you mean i should probably talk about art?

sometimes i like to call myself an artist. but you wouldn’t know that from the random stuff that i’ve been posting about lately. so i thought, in the spirit of getting back to basics, i might post about some shows i’ve seen. how’s that for a novel idea?

Louise Bourgeois
Tate Modern

I always stumble over the spelling of Bourgeois. I put a ‘u’ in where it’s not wanted and an extra ‘e’ sometimes. And not enough ‘o’s – it’s all just wrong. And even when i spell it right, i still looks wrong. But then again, in some way, it endears me to her name. In the same way that her uncomfortable images and the squishy, squelchy, fuck corporeality of her sculptures endears me to her as an artist. [see what i did there?]

I went to see the latest survey of her work at the Tate Modern on one of the last days I was in London and I’m so glad I had the chance to do so. Feltbug treated me to a day as her members’ guest – including scruptious brunch in the lounge with the amazing views on the 6th floor.

I’m only a recent fan of Bourgeois’ work. I’d only ever seen a few bits and pieces – documentation of a few of her cells and the black Cumul piece – and and to be perfectly honest, i wasn’t quite sure what all the fuss was about. It wasn’t until my friend and co-curator, Moira Kirkwood, suggested practically ordered me to check out her works, especially the Red Rooms, that I came to love this french artist.

The early works of hers I love the most are actually her drawings – they show a conscientiousness and a committment to thinking and process that I admire and respect. The point at which her sculptures really spark my heart are just before she gave birth to Louis, her first child. You begin to see the motifs she uses in her later work and the work takes on a more mature, yet grittier feel.

And from then on, she just rocks. Even when her style or materials take a wide swing, you can still feel that it’s on the same path. Works like her Janus, which look like two ends of a penis joined together under a collar, are still clearly part of the same process as the large doorframe installations that are the Red Rooms. She continues to use curves and sex and emptiness right the way through her career and it’s this return to these themes, again and again, which give her work a solidity and presence.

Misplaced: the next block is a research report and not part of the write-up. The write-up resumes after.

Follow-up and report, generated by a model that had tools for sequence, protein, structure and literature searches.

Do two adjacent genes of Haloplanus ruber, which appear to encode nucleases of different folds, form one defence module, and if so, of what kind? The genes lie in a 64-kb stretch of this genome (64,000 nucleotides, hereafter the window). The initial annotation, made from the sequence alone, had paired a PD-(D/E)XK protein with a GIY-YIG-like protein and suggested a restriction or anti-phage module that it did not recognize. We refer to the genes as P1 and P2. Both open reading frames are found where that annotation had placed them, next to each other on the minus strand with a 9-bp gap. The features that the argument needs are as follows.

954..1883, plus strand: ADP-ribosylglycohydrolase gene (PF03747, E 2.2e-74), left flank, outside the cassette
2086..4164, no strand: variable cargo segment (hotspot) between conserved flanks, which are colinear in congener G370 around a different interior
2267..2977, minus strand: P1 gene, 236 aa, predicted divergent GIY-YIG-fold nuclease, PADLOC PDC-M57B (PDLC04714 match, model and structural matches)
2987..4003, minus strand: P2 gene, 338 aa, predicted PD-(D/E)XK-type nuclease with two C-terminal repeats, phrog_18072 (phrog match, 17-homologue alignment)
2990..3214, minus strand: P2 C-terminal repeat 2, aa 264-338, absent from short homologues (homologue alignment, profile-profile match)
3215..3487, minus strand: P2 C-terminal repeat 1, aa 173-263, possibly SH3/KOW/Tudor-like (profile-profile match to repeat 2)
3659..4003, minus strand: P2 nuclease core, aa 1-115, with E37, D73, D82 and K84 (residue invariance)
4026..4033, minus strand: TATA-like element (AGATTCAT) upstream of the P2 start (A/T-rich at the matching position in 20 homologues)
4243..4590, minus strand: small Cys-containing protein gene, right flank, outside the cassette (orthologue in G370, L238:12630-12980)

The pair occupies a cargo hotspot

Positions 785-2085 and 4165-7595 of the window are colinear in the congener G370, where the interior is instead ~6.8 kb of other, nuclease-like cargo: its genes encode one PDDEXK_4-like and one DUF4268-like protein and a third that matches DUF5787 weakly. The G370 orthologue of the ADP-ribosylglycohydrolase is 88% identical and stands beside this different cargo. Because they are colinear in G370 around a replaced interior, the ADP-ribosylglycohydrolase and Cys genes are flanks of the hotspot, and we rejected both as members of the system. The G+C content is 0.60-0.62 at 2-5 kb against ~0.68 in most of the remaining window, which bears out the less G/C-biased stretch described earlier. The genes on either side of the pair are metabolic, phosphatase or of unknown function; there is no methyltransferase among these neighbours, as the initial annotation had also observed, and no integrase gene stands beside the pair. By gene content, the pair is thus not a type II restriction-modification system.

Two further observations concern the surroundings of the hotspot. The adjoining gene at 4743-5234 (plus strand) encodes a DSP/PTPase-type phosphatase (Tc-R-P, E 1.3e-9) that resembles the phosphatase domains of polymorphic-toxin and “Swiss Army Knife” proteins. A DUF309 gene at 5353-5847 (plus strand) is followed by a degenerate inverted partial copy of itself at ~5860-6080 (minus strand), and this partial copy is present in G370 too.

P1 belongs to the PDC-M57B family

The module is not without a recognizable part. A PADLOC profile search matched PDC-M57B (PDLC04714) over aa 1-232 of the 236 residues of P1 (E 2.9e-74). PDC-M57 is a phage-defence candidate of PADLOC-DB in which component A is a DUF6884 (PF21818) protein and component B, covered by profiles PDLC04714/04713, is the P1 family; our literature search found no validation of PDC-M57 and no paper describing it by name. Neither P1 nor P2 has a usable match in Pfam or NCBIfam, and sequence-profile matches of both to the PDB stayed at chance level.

Favourite works of mine includeEnd of Softness, a bubbly, jubbly, wobbly work in bronze with a gold patina; the Janus Fleuri from 1968, the white version of the Cumul I and the Passage Dangereux from 1997, one of her first ‘cells’ and the first one which I had seen and understood its power and relationship to her investigation into psychoanalysis. In fact it looked like a sculptural representation of surrealist work by Tristian Tzara or Frida Kahlo.

After her mother’s early death, critical writing of her works always mention the huge influence that her philandering father had on her work and the rage that she had for him. However, it became extremely obvious to me that, in fact, the greatest influence on her work may actually be her child and the act of being a mother. The taboo nature of the body is replaced with a detached pragmatism and unconditional love of the icky bits of the body and the mind.

There was only one thing that annoyed me about the show and that was a piece of wall text that said “fabric has no structure”. To which my only possible response was “bullshit”. It confirmed what I always thought about wall-text, in that it often has undue influence over the viewer. However, that, my friends, is for another time.

The cabinet of curiosities in the final room of the show is fantastic and nicely concludes the show – like a well written final paragraph. It includes small works from right throughout her career, plus more of her drawings and domestic works and the video documentary outside in the cafeteria was so insightful and lovely, i’ll have to find it for myself and watch it all the way through.

Apart from her amazing work, one of the major reasons I loved going to see this show was to have my life as a female artist validated. Louise is still alive at 96, still making work, is still inspiring and her career only really took off in her late 40s. Longevity counts and this show is a testament to that. What a great role model to look up to.

all images pinched from the Tate Modern website. check it out for the room by room walk through of the showthanks for subscribing to she sees red by lauren brown. xx